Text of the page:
\begin{align} M &= \operatorname{max}(R, G, B) \\ m &= \operatorname{min}(R, G, B) \\ C &= M - m \end{align}

To understand why chroma can be written as Mm, notice that any neutral color, with R = G = B, projects onto the origin and so has 0 chroma. Thus if we add or subtract the same amount from all three of R, G, and B, we move vertically within our tilted cube, and do not change the projection. Therefore, the two colors (R, G, B) and (Rm, Gm, Bm) project on the same point, and have the same chroma. The chroma of a color with one of its components equal to zero (m = 0) is simply the maximum of the other two components. This chroma is M in the particular case of a color with a zero component, and Mm in general.

The hue is the proportion of the distance around the edge of the hexagon which passes through the projected point, originally measured on the range [0, 1) but now typically measured in degrees [0°, 360°). For points which project onto the origin in the chromaticity plane (i.e., grays), hue is undefined. Mathematically, this definition of hue is written piecewise:[21]

\begin{align} H^\prime &= \begin{cases} \mathrm{undefined}, &\mbox{if } C = 0 \\ \frac{G - B}{C} \;\bmod 6, &\mbox{if } M = R \\ \frac{B - R}{C} + 2, &\mbox{if } M = G \\ \frac{R - G}{C} + 4, &\mbox{if } M = B \end{cases} \\ H &= 60^\circ \times H^\prime \end{align}

Sometimes, neutral colors (i.e. with C = 0) are assigned a hue of 0° for convenience of representation.

Fig. 10. The definitions of hue and chroma in HSL and HSV have the effect of warping hexagons into circles.

These definitions amount to a geometric warping of hexagons into circles: each side of the hexagon is mapped linearly onto a 60° arc of the circle (fig. 10). After such a transformation, hue is precisely the angle around the origin and chroma the distance from the origin: the angle and magnitude of the vector pointing to a color.

Fig. 11. Constructing rectangular chromaticity coordinates α and β, and then transforming those into hue H2 and chroma C2 yields slightly different values than computing hexagonal hue H and chroma C: compare the numbers in this diagram to those earlier in this section.

Instead of measuring hue and chroma with reference to the hexagonal edge of the projection of the RGB cube into the plane perpendicular to its neutral axis, we can define chromaticity coordinates alpha and beta in the plane – with alpha pointing in the direction of red, and beta perpendicular to it – and then define hue H2 and chroma C2 as the polar coordinates of these. That is, the tangent of hue is beta over alpha, and chroma squared is alpha squared plus beta squared.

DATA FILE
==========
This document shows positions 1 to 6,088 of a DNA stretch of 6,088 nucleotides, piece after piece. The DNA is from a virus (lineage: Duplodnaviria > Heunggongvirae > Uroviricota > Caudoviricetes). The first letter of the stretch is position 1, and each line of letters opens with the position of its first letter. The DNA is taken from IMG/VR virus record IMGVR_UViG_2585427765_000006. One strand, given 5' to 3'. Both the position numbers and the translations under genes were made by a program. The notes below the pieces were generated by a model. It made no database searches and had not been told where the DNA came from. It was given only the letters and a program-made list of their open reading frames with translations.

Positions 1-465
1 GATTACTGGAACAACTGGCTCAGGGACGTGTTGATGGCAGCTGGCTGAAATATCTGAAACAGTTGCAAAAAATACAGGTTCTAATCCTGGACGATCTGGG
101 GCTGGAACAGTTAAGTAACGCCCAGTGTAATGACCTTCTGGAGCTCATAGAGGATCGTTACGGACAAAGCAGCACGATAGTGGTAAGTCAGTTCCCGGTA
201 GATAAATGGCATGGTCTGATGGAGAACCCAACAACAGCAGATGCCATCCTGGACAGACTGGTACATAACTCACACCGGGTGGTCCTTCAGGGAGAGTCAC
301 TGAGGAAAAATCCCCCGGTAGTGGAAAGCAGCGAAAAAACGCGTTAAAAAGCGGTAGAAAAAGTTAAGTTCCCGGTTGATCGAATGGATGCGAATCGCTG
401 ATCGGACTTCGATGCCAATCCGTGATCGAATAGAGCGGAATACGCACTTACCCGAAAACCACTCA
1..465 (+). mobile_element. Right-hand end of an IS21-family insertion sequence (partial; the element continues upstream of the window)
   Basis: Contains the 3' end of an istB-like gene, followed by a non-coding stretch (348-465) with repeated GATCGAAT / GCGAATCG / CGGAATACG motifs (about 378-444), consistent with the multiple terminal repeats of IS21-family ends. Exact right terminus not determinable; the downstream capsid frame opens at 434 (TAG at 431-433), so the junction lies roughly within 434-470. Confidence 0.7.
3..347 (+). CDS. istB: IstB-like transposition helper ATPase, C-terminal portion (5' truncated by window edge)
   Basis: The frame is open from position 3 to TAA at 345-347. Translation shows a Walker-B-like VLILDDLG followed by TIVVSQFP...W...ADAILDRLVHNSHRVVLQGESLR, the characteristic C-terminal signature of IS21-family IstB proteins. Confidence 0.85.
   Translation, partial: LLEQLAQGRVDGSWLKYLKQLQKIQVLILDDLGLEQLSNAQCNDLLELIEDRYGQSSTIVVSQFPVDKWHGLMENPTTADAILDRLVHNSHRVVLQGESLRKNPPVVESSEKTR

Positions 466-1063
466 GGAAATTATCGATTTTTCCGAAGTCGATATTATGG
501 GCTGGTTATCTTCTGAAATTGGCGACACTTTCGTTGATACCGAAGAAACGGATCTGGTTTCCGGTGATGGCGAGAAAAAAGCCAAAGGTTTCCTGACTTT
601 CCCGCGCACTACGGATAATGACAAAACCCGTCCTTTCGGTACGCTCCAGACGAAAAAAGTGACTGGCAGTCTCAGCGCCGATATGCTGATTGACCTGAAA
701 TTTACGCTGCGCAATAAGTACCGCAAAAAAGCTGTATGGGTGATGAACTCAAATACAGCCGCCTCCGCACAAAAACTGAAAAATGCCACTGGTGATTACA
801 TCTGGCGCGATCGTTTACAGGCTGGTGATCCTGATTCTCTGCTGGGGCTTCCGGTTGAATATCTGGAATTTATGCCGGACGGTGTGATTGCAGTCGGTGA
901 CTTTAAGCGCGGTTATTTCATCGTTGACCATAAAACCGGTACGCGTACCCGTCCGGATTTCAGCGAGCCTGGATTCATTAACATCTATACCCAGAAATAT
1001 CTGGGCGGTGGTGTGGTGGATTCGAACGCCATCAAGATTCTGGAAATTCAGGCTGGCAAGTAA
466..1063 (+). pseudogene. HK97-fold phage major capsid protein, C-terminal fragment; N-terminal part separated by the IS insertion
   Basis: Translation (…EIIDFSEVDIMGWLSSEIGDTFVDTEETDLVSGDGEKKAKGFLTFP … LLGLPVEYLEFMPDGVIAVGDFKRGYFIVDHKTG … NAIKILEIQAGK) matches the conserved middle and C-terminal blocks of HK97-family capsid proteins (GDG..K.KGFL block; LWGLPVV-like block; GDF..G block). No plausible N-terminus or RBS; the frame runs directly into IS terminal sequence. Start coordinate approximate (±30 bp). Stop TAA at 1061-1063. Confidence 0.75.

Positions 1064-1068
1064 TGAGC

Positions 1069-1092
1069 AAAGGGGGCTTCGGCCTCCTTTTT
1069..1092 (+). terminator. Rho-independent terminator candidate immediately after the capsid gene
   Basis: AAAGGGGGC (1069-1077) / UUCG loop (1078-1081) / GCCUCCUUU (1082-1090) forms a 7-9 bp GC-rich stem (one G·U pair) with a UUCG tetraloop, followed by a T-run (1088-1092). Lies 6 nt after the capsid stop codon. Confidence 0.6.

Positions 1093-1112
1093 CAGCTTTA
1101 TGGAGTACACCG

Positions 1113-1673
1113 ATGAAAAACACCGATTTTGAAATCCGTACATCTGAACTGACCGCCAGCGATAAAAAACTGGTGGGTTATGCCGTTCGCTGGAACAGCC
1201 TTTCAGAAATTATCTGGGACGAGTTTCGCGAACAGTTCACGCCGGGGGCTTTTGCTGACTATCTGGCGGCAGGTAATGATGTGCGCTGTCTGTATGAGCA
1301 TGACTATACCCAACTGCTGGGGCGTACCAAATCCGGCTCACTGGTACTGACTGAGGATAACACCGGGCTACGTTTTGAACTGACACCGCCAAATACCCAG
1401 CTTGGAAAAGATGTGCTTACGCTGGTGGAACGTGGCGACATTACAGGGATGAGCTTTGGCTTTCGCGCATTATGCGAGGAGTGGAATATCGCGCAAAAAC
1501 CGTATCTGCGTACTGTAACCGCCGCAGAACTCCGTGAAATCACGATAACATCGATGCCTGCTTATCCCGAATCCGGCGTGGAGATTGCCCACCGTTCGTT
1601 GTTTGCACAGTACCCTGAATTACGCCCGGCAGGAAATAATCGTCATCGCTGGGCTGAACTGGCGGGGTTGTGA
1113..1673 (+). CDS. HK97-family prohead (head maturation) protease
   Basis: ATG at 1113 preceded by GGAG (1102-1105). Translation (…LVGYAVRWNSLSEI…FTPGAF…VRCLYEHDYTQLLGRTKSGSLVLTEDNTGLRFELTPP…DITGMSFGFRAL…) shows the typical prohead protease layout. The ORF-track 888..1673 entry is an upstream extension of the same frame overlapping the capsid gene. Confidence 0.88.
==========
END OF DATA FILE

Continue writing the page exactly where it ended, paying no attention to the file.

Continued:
Sometimes for image analysis applications, this hexagon-to-circle transformation is skipped, and hue and chroma (we’ll denote these H2 and C2) are defined by the usual cartesian-to-polar coordinate transformations (fig. 11). The easiest way to derive those is via a pair of cartesian chromaticity coordinates which we’ll call α and β:[22][23][24]

\begin{align} \alpha &= \textstyle{\frac{1}{2}}(2R - G - B) \\ \beta &= \textstyle{\frac{\sqrt{3}}{2}}(G - B) \\ H_2 &= \operatorname{atan2}(\beta, \alpha) \\ C_2 &= \sqrt{\alpha^2 + \beta^2} \end{align}

(The atan2 function, a "two-argument arctangent", computes the angle from a cartesian coordinate pair.)

Notice that these two definitions of hue (H and H2) nearly coincide, with a maximum difference between them for any color of about 1.12° – which occurs at twelve particular hues, for instance H = 13.38°, H2 = 12.26° – and with H = H2 for every multiple of 30°. The two definitions of chroma (C and C2) differ more substantially: they are equal at the corners of our hexagon, but at points halfway between two corners, such as H = H2 = 30°, we have C = 1, but C2 = ¾ ≈ 0.866, a difference of about 13.4%.

### Lightness

Fig. 12a–d. Four different possible "lightness" dimensions, plotted against chroma, for a pair of complementary hues. Each plot is a vertical cross-section of its three-dimensional color solid.